Recently we worked with two brands from very different spaces that had just such a blind spot. In the first example, a clothing manufacturer, let’s call it Brand X, thought that things were going quite well. Sales were rising most every month compared with a year earlier. But that was only half the picture.

When we looked at the manufacturer’s weekly sales data, we found a very different story. The entire segment was seeing sales rise on a monthly and annual basis — but Brand X was lagging behind its rivals in key weeks. While Brand X’s overall sales were better than before, they were worse than those of competitors in the most important times of the year. Brand X was losing share in a rising market.

We saw a situation with a children’s product manufacturer that was both quite similar and quite different. Sales of one of its most longstanding brands, let’s call it Product Y, were declining. The parent company needed to move quickly to re-strategize and turn things around.

This time, a look at weekly data and Account Level Reports (in which retailers allow manufacturers to see detailed information about how their items perform) showed the issue could be price related.

The marketplace was flooded with dramatically deep discounts of items that competed with Product Y, causing both a key retailer and the manufacturer to lose dollar share in one of their largest categories. And those discounts got deeper during the key pre-Christmas season.

As it turned out, price collaboration was required between the retailer and the manufacturer to better position Product Y during key times of the year.

Finding solutions to situations such as those faced by Brand X and Product Y isn’t easy (and will likely involve a lot of conversations with retailers). But the solutions can only be found when we look at the right set of data and uncover the real problems.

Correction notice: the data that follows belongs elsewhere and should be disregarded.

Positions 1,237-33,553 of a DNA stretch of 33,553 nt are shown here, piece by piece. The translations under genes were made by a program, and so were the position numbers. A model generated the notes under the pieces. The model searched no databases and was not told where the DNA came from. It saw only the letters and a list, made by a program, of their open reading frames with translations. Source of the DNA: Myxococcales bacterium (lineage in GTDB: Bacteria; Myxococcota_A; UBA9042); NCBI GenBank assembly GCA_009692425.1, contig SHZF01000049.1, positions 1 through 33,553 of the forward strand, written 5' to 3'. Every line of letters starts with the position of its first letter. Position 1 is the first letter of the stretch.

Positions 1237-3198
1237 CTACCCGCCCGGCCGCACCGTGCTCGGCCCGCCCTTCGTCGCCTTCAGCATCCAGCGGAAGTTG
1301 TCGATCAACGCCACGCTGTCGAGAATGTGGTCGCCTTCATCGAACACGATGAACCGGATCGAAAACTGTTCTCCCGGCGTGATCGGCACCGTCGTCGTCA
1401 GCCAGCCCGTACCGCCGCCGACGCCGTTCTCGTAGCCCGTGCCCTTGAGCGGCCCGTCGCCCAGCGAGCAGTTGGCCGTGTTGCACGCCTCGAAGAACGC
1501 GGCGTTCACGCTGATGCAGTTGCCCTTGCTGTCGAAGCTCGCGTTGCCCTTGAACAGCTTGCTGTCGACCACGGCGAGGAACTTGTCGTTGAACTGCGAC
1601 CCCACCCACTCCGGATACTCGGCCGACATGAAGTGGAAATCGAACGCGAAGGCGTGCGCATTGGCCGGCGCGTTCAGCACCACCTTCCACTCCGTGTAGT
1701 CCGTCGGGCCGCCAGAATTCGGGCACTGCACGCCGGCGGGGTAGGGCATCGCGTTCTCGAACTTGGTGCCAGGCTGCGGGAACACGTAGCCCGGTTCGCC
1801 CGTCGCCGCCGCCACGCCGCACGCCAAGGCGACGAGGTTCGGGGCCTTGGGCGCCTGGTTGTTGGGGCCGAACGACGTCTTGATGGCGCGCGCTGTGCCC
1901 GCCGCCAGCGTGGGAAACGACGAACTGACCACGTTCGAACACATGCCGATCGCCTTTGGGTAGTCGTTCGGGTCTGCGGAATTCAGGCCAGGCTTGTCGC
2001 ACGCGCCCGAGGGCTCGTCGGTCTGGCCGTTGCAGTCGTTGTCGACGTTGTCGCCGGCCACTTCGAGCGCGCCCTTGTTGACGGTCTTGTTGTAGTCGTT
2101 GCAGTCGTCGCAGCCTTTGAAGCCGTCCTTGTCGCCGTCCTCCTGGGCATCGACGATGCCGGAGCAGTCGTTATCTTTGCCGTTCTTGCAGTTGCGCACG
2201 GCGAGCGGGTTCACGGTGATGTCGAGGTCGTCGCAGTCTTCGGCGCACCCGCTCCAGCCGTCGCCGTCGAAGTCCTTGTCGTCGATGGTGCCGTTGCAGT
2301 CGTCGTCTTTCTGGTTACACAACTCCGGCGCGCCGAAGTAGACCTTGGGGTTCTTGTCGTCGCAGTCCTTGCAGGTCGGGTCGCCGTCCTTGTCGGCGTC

Fowl play

There is a question that has plagued philosophers from every culture and in every age: Which came first, the chicken or the egg?

In retail, we pose that question in a slightly different fashion: Does a brand become the best-seller in a category because consumers like it best, or because more stores carry it?

As it turns out, the answer is clear … if you look at the right data in the right way.

Recently some folks at NPD were looking at the sales figures from a segment of consumer electronics. At first blush, the story appeared to be the classic chicken/egg scenario: there was one brand that dominated. It outsold everything else. And it was sold everywhere. Perhaps consumers loved it. Or perhaps retailers thought that consumers loved it, so they carried it to the exclusion of rival brands.

But when we began to look at a measurement we call velocity, the answer was far more complex. In science, velocity is generally defined as a measure of speed in a specified direction. But in retail, velocity can also be thought of as a measure of love.

In velocity we look at the sales figures but control for distribution — which is research-speak that means looking at how well something sells at the places where it’s actually available. That yields a metric that more closely tracks how consumers feel about a brand or a product when they have an option to select it.

What we found in that consumer electronics segment was fascinating.

There was a brand in the space that seemed to receive little overall love from consumers. And the brand’s overall sales and distribution levels coincided with that interpretation.

But that brand had one item — let’s call it the Golden Goose — with extraordinary velocity. In stores where it was available, consumers flocked to the product.

Looking just at national sales numbers, there were 30 rival products that sold better than the Golden Goose. But after adjusting for distribution, the Golden Goose was the eighth best-seller in its category.

It turned out that people loved the Golden Goose. They just couldn’t find it at a lot of places. Suddenly the makers of the Golden Goose had a compelling story to share with retailers and a strong argument to make for wider distribution of that product.

Perhaps more importantly, at least to philosophers, the answer to the age-old question had been found. It’s neither the chicken nor the egg that comes first. It’s the goose.